Russell Froelich: Behind the Lens

7, March 2014
Photographer Russell FroelichIn this undated photo, photographer Russell Froelich tests a synchronized handheld flash device that he invented and patented for speed photography. Missouri History Museum.

The photo at left is of Russell Froelich, a photographer who worked for the St. Louis Post-Dispatch, the St. Louis Globe-Democrat, and the St. Louis Star in the first half of the twentieth century. At first glance, I thought this image was an old-time version of a selfie. More likely it was not taken in front of a mirror but rather by another photographer. While we have more than 600 of his photos—depicting street scenes, Veiled Prophet parades, disasters, cave interiors, and various aircraft—in our collection, I find this one to be especially interesting, as it shows the man behind this huge collection. We always see the photographer’s subject, but rarely do we get a glimpse of the artist and his process.

A native of Ohio, Froelich was born in 1890 and came to St. Louis in his late teens. In his twenties, he began both designing and helping to build airplanes with early local flyers, such as Tom Benoist of the Benoist Aircraft Company. Not only did Froelich take part in aircraft innovation, he also began to make his mark in documenting early planes and pilots through photography.

Bi-plane flying under Eads Bridge, ca 1930sBi-plane flying under the Eads Bridge. Photo by Russell Froelich, ca. 1930s.

American entry into WWI led Froelich to put his talents and skills to wartime use. He began taking aerial photographs from wing-mounted cameras that he improvised to fit given situations and flight conditions, helping the U.S. Army Signal Corps develop terrain maps of Europe. (His obituary in the Post-Dispatch in 1958 even credits him with using one of these improvised cameras to take the first aerial photograph showing both the pilot in an open cockpit and a city below.) After the war, Froelich returned to taking photos of life in and around St. Louis. He continued to explore his interest in aerial photography and also worked on innovations in early color photographic techniques.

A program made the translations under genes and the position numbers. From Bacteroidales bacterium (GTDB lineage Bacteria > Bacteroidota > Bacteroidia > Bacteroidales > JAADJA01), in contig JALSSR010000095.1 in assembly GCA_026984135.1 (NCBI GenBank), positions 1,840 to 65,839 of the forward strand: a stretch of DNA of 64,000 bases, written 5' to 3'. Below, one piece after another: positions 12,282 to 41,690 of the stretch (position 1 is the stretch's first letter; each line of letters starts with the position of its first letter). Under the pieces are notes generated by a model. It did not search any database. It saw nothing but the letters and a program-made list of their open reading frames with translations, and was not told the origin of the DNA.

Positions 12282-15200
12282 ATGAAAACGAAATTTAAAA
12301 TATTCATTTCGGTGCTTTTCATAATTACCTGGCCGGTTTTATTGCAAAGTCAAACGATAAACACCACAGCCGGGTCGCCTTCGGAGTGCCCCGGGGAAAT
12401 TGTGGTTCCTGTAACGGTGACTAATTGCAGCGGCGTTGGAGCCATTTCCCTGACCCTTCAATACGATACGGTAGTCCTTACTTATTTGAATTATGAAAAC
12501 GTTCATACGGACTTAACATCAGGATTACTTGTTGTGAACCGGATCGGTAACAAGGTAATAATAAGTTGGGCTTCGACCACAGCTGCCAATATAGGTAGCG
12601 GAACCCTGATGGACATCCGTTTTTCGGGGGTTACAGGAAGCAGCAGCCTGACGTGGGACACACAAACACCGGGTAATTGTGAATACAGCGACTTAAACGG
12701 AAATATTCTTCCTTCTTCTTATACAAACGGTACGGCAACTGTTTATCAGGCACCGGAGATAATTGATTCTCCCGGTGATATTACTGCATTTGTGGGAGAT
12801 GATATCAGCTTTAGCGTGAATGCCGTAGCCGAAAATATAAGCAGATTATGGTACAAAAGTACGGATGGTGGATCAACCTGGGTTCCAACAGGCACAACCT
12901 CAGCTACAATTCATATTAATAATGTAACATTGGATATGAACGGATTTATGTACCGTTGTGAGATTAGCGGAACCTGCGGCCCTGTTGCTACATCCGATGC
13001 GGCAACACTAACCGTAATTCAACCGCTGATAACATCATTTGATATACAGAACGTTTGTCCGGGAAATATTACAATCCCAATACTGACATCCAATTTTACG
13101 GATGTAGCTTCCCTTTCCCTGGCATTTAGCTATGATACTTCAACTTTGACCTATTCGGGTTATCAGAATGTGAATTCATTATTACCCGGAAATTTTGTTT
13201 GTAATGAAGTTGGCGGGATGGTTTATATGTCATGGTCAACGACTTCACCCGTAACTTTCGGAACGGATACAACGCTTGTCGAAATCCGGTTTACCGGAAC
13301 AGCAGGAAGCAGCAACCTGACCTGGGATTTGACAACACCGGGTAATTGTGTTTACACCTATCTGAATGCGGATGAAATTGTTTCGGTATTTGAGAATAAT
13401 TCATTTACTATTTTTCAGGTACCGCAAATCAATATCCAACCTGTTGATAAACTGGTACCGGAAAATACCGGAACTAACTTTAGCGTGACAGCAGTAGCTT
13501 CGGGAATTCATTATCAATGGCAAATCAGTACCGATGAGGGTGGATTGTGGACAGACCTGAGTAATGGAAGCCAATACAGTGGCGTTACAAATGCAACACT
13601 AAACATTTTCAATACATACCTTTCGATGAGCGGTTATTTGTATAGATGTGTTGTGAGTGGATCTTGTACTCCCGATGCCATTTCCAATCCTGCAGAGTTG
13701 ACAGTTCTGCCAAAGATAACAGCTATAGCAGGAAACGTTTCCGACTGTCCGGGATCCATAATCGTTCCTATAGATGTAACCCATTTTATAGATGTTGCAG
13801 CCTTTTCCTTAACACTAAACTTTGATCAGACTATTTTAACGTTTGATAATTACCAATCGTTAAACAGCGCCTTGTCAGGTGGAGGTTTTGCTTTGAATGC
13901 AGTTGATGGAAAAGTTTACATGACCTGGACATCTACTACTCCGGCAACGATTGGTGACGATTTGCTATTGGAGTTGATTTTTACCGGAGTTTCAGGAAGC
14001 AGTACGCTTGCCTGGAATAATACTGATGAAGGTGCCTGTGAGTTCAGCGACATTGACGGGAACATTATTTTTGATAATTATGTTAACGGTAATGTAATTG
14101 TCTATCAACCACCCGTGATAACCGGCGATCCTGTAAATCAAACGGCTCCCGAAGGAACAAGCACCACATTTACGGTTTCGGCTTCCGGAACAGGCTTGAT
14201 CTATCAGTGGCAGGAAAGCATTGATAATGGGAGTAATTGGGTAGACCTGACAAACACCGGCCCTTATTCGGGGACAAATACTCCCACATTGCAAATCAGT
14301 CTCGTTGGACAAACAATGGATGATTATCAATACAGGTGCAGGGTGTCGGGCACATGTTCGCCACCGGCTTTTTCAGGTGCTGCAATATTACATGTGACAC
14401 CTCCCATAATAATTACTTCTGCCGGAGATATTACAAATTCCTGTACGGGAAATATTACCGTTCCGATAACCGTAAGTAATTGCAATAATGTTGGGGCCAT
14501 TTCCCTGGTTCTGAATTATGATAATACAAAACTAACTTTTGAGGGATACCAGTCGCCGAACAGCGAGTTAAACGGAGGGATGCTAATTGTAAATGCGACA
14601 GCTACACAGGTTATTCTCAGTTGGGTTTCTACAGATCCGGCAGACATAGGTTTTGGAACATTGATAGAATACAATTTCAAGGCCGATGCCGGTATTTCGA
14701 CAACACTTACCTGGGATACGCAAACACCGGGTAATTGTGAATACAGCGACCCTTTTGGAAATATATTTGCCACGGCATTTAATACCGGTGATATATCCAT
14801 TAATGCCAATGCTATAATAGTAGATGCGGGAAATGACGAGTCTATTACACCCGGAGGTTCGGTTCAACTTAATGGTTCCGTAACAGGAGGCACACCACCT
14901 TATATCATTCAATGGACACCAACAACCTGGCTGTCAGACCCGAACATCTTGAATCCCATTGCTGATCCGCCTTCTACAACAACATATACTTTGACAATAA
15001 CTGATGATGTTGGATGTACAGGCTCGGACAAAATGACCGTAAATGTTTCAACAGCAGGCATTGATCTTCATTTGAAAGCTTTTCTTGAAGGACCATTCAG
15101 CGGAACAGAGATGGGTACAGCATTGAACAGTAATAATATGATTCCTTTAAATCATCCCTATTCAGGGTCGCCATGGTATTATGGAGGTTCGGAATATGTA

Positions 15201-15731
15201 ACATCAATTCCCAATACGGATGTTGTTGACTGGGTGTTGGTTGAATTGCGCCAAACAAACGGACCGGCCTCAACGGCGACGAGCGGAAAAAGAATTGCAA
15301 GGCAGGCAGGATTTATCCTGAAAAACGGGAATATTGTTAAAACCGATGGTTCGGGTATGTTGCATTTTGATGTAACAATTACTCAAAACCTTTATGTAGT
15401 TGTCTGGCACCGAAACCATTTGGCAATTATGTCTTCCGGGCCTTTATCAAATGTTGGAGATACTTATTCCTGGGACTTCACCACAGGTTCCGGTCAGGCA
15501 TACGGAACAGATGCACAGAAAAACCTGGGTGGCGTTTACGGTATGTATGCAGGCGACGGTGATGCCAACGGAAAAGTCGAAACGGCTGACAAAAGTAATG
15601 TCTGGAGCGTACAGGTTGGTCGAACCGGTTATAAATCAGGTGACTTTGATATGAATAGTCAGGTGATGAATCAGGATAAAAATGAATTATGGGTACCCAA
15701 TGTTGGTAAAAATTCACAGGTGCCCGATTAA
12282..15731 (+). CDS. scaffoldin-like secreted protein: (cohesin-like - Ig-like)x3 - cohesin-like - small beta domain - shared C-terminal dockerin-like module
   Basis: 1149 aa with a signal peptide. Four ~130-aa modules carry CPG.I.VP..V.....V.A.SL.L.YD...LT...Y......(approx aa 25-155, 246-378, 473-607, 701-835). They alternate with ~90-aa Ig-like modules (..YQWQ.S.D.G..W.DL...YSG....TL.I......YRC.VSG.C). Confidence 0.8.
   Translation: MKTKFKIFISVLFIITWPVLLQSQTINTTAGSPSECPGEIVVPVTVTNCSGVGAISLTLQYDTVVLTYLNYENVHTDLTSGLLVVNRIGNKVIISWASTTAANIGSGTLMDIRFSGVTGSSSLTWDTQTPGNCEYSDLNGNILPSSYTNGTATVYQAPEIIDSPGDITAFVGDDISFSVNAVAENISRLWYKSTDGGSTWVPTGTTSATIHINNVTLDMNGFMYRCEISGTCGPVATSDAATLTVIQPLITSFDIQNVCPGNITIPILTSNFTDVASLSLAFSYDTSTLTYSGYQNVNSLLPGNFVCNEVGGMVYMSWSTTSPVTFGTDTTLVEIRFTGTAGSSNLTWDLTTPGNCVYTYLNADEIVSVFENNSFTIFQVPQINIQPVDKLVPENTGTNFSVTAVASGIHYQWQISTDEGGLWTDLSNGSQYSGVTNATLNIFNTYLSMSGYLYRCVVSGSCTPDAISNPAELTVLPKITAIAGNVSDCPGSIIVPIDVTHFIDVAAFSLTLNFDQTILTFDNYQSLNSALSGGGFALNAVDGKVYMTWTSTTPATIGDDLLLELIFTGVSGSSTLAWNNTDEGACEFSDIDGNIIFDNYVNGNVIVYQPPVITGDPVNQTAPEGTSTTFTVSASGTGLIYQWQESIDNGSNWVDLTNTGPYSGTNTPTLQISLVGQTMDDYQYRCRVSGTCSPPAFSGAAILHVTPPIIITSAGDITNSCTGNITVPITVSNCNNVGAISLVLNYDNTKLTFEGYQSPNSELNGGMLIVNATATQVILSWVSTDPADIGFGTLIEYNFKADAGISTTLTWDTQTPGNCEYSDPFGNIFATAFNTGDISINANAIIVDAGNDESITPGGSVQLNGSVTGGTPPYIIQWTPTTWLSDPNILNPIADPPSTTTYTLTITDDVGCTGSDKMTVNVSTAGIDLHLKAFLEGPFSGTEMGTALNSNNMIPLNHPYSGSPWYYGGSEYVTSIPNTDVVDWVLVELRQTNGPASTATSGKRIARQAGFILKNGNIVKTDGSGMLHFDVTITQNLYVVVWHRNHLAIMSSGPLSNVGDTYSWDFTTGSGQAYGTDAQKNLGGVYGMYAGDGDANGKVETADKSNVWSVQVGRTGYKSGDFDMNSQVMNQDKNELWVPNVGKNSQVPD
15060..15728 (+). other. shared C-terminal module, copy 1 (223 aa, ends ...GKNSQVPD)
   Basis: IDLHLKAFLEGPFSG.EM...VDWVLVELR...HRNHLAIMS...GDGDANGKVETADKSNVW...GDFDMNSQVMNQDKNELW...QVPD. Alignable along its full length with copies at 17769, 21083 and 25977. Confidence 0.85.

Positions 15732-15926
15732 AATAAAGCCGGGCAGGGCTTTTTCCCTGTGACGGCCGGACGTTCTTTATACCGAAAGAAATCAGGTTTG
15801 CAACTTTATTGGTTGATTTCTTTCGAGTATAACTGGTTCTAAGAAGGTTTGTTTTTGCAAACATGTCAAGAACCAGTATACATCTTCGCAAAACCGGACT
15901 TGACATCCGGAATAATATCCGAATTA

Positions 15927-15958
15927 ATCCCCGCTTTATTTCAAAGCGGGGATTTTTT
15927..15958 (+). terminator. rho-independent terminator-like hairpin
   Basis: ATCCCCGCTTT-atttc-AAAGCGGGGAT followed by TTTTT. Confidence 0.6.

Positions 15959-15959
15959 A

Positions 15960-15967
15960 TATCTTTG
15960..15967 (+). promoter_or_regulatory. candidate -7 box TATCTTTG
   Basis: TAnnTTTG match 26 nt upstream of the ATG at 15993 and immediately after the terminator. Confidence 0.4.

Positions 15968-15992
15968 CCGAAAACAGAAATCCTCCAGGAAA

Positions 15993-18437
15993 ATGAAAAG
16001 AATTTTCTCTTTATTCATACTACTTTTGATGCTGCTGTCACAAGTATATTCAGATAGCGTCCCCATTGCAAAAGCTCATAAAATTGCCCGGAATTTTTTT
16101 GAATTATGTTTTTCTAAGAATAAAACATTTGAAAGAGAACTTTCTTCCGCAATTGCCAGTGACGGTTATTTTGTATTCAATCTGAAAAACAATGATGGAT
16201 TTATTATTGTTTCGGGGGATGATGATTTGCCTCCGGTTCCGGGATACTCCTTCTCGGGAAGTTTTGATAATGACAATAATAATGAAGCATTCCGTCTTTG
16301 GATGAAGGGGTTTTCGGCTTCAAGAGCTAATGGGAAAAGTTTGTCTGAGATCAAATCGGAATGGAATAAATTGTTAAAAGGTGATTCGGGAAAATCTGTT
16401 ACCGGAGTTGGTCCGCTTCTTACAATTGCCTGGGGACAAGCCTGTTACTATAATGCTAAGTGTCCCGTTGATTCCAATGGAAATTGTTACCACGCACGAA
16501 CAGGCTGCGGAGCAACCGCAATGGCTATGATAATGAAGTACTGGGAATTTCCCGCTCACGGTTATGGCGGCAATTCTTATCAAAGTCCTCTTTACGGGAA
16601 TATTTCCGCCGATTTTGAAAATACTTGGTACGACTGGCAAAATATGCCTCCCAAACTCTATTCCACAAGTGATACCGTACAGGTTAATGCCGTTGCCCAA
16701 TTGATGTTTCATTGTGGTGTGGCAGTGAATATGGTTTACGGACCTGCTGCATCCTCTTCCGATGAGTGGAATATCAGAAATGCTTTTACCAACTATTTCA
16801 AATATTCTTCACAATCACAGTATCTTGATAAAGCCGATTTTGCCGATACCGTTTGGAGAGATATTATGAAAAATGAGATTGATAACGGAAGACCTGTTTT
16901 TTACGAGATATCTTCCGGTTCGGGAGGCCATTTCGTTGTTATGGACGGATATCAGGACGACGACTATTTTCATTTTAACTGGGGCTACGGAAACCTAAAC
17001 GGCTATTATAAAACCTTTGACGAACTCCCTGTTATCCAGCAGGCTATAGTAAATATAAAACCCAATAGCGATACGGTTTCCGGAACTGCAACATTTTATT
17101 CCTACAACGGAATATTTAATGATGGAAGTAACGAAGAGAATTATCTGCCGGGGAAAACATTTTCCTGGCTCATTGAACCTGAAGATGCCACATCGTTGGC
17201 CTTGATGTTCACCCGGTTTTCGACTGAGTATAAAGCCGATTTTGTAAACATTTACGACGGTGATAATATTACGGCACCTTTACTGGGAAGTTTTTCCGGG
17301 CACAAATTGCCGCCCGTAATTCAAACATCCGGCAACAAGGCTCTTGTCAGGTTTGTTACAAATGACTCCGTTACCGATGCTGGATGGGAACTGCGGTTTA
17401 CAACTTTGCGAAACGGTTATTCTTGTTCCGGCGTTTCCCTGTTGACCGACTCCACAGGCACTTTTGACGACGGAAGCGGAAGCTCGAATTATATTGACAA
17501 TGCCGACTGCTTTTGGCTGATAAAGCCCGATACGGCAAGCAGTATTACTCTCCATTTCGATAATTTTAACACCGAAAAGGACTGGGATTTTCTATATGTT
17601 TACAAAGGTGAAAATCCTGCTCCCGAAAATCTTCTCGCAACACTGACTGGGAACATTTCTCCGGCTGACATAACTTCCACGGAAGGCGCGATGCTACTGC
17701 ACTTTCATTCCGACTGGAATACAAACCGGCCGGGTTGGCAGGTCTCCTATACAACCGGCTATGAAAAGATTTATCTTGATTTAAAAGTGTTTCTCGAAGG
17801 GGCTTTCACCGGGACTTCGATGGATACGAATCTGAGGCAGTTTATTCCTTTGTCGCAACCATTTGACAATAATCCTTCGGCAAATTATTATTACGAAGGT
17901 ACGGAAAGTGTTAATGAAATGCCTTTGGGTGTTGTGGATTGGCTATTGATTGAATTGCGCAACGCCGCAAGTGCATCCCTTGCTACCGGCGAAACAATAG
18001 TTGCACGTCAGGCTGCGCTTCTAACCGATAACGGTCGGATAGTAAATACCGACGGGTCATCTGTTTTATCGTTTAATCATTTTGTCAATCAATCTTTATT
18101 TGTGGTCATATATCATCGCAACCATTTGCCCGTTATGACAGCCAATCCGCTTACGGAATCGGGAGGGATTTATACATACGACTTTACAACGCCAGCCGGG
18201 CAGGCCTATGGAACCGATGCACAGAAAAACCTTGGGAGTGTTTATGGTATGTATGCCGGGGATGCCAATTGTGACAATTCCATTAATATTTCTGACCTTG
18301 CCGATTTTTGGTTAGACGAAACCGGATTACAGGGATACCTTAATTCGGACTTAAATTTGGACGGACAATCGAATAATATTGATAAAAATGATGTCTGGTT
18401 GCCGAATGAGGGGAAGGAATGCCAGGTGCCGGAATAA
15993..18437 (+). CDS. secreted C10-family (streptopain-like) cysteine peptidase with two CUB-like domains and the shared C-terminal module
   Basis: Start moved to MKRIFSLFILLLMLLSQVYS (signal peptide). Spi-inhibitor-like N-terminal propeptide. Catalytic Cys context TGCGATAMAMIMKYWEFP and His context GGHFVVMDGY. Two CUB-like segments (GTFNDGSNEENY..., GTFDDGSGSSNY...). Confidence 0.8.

Photo of cat that appears to be smiling, 1922This photo from 1922 is one of Froelich's most notable images. Missouri History Museum.

One final interesting note about Russell Froelich. In his Globe-Democrat obituary, it states, “One of Mr. Froelich’s most famous pictures was of ‘Midge,’ the ‘laughing cat,’ taken in 1922 when he was with the Star.” The man was a pioneer of both early aviation and aerial photography, took thousands of lasting images of the St. Louis region for the city’s newspaper outlets, was an innovator of color photography, and his most memorable photo is of a laughing cat. Between the cat and the pseudo-selfie, Russell Froelich would be perfect for modern web culture.

For more photos from the Russell Froelich Collection, you can search our online collections or visit the Museum's Flickr page.

—Matt Ringelstetter, Digital Media Content Developer